This story is about two talented people whose lives elevated them to the very top of the Stalin era: ballerina Olga Lepeshinskaya and general Aleksei Antonov.
She wanted to build bridges, but became one of the most famous ballerinas of the Soviet Union and danced equally brilliantly at the Bolshoi Theater and on the front lines. He was a military man, a Soviet general and the Chief of the General Staff, but at the same time a sophisticated esthete and intellectual. They lived six happy years together until death parted them.
Stalin’s favorite ballerina
Olga Lepeshinskaya began to dance against the will of her father. Moreover, as a child, she didn’t dream of stage - she wanted to build bridges, like her dad, a famous engineer.
According to her own words, she was "the last student in her class" at the ballet school. But incredible perseverance helped her become one of the top ones: Olga performed 64 fouettés for a bet! She danced not only with her body - she danced with her soul. Spectators and colleagues noted both Lepeshinskaya's refined technique and her temperament. Directors also recognized her acting talent. Music was written especially for her, and parts were choreographed. The Government Box was never empty when she was performing: it was actually no secret that she was Stalin's favorite ballerina.
During four war years, Olga Lepeshinskaya worked in the frontline artistic brigades. There are many recollections of her performances, of how her flamboyant dancing brought the wounded soldiers back to life.
With such dedication and full concentration on the career, her personal life always remained in the background. The first two marriages of the ballerina - with director Ilya Trauberg and Soviet intelligence general Leonid Raykhman - fell apart. But at the age of 40, she met her true love.
A remarkable meeting
It is 1956. The reception ends very late that night. Olga in a light dress goes out on the stairs of the Sovietsky Hotel but for some reason there is no car to pick her up.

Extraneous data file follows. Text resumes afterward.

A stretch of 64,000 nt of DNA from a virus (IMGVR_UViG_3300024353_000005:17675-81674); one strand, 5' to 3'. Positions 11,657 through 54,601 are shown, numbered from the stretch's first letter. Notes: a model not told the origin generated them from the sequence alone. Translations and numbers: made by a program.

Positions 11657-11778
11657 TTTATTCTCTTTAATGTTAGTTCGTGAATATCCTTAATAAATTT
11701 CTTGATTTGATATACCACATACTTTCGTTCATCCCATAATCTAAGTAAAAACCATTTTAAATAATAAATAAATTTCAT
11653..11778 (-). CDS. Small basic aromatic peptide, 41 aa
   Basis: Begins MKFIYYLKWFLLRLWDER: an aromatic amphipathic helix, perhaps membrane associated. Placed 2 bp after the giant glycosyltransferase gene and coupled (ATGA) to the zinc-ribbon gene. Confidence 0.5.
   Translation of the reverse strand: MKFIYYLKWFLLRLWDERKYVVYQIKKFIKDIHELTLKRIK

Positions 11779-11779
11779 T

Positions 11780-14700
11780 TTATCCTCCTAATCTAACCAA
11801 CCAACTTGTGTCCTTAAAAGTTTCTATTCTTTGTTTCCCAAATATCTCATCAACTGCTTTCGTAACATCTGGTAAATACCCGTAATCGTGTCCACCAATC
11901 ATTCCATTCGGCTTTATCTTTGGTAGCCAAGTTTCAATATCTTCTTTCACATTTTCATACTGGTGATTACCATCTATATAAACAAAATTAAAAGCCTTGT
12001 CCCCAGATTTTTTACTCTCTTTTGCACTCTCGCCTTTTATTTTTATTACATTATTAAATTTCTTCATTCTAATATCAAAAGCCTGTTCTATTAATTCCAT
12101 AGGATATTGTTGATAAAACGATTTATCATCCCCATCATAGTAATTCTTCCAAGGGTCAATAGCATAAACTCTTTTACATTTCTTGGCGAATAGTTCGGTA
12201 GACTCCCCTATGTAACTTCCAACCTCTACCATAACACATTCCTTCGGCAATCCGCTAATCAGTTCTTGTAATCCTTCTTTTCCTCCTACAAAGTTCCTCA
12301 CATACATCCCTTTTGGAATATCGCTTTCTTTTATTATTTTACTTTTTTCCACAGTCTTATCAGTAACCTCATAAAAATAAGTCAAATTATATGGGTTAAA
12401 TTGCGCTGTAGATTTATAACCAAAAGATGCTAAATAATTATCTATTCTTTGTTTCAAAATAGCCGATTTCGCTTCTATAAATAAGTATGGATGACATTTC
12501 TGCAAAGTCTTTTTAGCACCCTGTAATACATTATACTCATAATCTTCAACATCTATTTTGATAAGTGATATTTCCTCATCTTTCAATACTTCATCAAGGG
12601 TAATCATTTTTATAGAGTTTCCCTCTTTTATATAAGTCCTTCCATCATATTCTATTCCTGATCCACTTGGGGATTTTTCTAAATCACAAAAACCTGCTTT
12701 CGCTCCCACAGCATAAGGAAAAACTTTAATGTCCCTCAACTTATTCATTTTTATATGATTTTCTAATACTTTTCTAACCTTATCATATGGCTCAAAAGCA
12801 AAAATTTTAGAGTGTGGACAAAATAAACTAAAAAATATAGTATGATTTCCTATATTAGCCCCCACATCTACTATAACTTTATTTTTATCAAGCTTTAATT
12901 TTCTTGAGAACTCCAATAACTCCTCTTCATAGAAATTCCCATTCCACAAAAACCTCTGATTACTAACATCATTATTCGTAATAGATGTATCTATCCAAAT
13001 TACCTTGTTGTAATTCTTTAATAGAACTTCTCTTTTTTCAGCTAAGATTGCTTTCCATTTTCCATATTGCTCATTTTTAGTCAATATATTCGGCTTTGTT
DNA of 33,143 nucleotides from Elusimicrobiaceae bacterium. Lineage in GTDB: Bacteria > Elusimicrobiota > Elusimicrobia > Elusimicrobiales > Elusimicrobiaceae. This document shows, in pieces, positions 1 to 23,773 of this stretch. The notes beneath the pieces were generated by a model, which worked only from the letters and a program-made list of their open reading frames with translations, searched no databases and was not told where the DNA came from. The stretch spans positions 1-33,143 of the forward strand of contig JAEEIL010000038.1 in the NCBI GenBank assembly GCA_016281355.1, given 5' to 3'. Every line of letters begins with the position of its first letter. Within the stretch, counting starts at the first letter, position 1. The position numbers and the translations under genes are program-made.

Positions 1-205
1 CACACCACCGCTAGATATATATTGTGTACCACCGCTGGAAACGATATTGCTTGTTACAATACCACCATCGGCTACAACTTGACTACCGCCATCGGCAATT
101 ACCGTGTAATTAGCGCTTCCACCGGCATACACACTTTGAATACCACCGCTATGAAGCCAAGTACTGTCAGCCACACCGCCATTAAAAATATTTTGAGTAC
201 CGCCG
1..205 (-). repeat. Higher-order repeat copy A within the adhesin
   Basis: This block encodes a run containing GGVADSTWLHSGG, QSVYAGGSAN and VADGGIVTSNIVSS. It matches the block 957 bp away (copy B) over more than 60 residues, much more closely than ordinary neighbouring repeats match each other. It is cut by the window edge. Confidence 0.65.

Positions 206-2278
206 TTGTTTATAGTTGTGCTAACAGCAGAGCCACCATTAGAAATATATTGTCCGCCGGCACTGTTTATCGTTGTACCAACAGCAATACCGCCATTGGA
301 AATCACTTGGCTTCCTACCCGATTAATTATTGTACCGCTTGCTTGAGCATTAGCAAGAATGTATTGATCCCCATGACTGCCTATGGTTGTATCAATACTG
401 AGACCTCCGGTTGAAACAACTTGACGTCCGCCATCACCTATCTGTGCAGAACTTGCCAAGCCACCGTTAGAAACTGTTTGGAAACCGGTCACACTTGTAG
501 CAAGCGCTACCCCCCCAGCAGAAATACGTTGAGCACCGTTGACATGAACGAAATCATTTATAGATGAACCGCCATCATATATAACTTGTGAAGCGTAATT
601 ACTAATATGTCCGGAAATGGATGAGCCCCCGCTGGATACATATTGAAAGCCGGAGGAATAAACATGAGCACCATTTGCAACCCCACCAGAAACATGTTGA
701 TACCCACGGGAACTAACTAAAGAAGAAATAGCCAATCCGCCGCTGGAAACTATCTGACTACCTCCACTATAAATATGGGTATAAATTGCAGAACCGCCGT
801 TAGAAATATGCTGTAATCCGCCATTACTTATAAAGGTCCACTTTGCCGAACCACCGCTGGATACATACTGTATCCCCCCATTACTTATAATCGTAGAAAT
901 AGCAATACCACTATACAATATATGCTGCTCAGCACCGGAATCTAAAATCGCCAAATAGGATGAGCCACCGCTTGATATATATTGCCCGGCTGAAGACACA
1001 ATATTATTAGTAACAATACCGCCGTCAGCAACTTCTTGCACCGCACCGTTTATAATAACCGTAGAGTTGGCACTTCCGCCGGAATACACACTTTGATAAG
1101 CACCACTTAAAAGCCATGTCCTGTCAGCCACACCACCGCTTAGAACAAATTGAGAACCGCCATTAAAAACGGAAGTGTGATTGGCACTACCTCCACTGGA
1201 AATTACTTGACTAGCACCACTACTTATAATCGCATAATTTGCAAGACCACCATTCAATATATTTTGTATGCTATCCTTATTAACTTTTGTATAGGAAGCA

It's raining heavily. A man comes up offering to give her a ride home. She had no idea he was a famous general. And he didn’t recognize the ballerina, whose performances he had attended at the Bolshoi Theater.
She saw him well in the car. And fell in love almost immediately: he charmed her with his fine knowledge of arts and courteous manners. Her love was reciprocated.
A Soviet officer
Aleksei Antonov came from a military family. During World War II, he was an army general, the Chief of the General Staff.
According to contemporaries, Antonov had outstanding organizational skills. Iron discipline and endurance were inherent in him. Aleksei Innokentievich was in good standing with Stalin and spent a lot of time discussing the situation at the fronts with him.
At the same time, Aleksei Antonov was a recognized connoisseur of arts, spoke French, loved classical music and poetry. He was handsome too.
Lepeshinskaya succumbed to his charms. And after he had given her a ride on that rainy night, a beautiful romance began, followed by the marriage between the officer and the ballerina.
There is little evidence of their life together, but the rare facts that we have confirm that they were happy.
The age difference didn’t bother them: Aleksei was 20 years older than Olga. While married, each of them continued their careers. She — at the Bolshoi Theater, he — at the Headquarters of the Combined Armed Forces. After work, they were enjoying their family life, supporting and protecting their union.
They lived six happy years together, then Aleksei suddenly died - a blood clot. On the day he was buried, Olga lost her sight, and it took her long to get it back. She remembered only the bright sun and the black mausoleum on Red Square. The urn with his ashes - in the Kremlin wall. Nothing more.
After his death, she stopped dancing. Her joy and energy were gone with him.
Her later years - Olga Lepeshinskaya lived a long life and died at 92 - were devoted to teaching and organizational activities around the world.
The Russian ballet school is in demand everywhere, and Olga Vasilievna was its outstanding representative.
Interestingly enough, it was Aleksei Antonov, who, shortly before his death, encouraged Olga to end her dancing career and start teaching. And so it happened, but without him.